HWI is a 501(c)(3) nonprofit whose mission is to conserve our environment through education, long-term monitoring, and scientific research on raptors as indicators of ecosystem health. You can learn more on the “Our Story” page.
We do not take in injured raptors. If you are local to our home base in Salt Lake City, we recommend the Wildlife Rehabilitation Center of Northern Utah and the Wildlife Center of Salt Lake City. If not, contact your state’s department of wildlife resources, a local vet, or use the Animal Help Now website or app. For more information, check out this fantastic video by Teton Raptor Center on what to do when you find an injured bird.
HawkWatch International does not have an office or aviary that is open to the public. You can see our Raptor Ambassadors at one of our public programs that you can find on our event calendar. You can also bring our birds to you by booking an education program.
You can submit your question to our Ask an Expert form, where our scientists will get back to you directly.
You can learn more about our Raptor Ambassador programs here. Pricing depends on the program and will be provided after you fill out our interest form, found here. Not seeing something that meets your needs? Fill out the form and let us know exactly what you need so we can provide you with a quote for a custom program. To learn more about lectures from our scientists, click here.
We offer many programs that are free and open to the public at community spaces and public parks. Head to our event calendar to find our free programs. We also have funding to supplement programs for Utah public and charter schools. For more information, fill out our interest form and include the accommodation you need.
Our Raptor Ambassadors are all birds that were injured or impacted by humans in some way that prevents them from being released back into the wild. HWI has a permit from the U.S. Fish and Wildlife Service that allows us the privilege of providing life-long care for these birds. Our permit also mandates that our Raptor Ambassadors are used to educate the public about issues affecting raptors and other wildlife. We find that there is no more effective way to get people excited about raptor conservation than to allow them to meet a bird up close.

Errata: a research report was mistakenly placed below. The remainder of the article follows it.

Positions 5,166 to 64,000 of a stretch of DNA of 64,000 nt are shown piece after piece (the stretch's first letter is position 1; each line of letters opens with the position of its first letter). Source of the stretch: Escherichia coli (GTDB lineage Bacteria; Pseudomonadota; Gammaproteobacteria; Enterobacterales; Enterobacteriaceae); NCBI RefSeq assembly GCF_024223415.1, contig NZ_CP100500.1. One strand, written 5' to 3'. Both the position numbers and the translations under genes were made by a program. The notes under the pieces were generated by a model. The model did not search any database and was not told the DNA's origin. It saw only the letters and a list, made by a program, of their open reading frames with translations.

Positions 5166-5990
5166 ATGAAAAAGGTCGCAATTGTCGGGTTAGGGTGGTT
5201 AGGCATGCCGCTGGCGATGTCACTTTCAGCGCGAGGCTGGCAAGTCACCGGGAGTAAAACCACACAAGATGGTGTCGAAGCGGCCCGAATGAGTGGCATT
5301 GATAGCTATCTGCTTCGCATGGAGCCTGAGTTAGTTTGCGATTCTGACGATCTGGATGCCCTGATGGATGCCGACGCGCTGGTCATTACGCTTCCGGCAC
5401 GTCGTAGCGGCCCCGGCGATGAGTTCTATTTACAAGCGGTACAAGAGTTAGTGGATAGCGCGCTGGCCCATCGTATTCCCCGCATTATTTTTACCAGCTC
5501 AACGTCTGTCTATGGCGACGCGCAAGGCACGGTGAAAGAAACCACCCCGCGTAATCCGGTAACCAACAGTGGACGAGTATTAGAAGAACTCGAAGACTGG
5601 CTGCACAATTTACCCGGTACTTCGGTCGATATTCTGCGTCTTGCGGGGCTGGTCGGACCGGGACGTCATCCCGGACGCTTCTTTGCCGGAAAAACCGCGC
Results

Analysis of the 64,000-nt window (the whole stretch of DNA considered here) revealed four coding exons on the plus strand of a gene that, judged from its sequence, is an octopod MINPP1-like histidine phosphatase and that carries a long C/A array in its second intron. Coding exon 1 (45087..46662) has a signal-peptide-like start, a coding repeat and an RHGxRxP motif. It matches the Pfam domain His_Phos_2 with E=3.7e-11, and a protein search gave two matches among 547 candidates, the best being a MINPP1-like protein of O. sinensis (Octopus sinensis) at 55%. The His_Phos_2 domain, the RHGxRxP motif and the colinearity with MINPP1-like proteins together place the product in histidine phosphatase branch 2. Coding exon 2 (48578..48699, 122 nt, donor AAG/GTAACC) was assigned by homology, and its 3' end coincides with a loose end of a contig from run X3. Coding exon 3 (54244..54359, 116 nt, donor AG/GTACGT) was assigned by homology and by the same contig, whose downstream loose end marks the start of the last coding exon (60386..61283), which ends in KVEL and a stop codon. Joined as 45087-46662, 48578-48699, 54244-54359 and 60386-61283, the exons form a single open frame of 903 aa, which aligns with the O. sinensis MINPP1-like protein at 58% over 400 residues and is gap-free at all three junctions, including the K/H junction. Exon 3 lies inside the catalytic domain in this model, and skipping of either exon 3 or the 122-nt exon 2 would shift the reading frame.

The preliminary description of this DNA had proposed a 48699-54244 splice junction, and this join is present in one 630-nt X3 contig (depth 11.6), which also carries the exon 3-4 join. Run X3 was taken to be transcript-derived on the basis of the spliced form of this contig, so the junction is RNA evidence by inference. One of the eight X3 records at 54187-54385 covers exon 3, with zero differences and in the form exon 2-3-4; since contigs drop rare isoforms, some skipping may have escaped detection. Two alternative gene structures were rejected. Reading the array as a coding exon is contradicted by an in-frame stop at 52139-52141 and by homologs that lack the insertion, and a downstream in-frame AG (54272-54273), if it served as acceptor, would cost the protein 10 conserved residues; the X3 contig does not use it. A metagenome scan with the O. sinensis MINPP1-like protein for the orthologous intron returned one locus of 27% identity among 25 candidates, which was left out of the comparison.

If you live in North America, you can find a count site near you on HawkCount.
HawkWatch International is a scientific research organization and is not directly involved in falconry. If you are interested in working with our Raptor Ambassadors, you can learn more on our volunteering page. To start in falconry, we suggest joining your local falconry organization. If you are based in Utah, you can learn more from the Utah Falconers Association.
Most likely, you are seeing a hawk in the group accipiter. Sharp-shinned Hawks and Cooper’s Hawks both prey primarily on small birds.
Check out our blog on this topic for our tips.
It is not common for dogs or cats to be attacked by raptors; however, it does happen rarely. For the most part, your pets are too large for a hawk to attack. It is also important to remember that your pets face other safety risks outdoors, such as bobcats, coyotes, bears, and even people and vehicles. It is best not to leave your pets outside unattended. You can read more on this subject on our blog.
Here is a non-extensive list of some ways you can help…
– Make your backyard more welcoming for raptors. You can learn more about this here.
– Build a nestbox for cavity-nesting raptors.
– Drive slowly and do not litter along roadways.
– When hunting, switch to lead-free ammunition to prevent lead poisoning in scavenging raptors.
– Avoid the use of/properly dispose of/ or put away materials raptors may become entangled in, such as fishing nets/wire, sports nets, barbed wire, Christmas lights, etc.
– Avoid using pesticides that can enter poison into the food chain.
– Plan tree work for the fall, after raptors nest.
– Donate to HawkWatch International to support our research and conservation efforts.
Raptors Need You!
Each year, fewer than 3% of all charitable dollars in the United States support conservation. Your gift makes our work to conserve raptors and our shared environment possible. Thank you.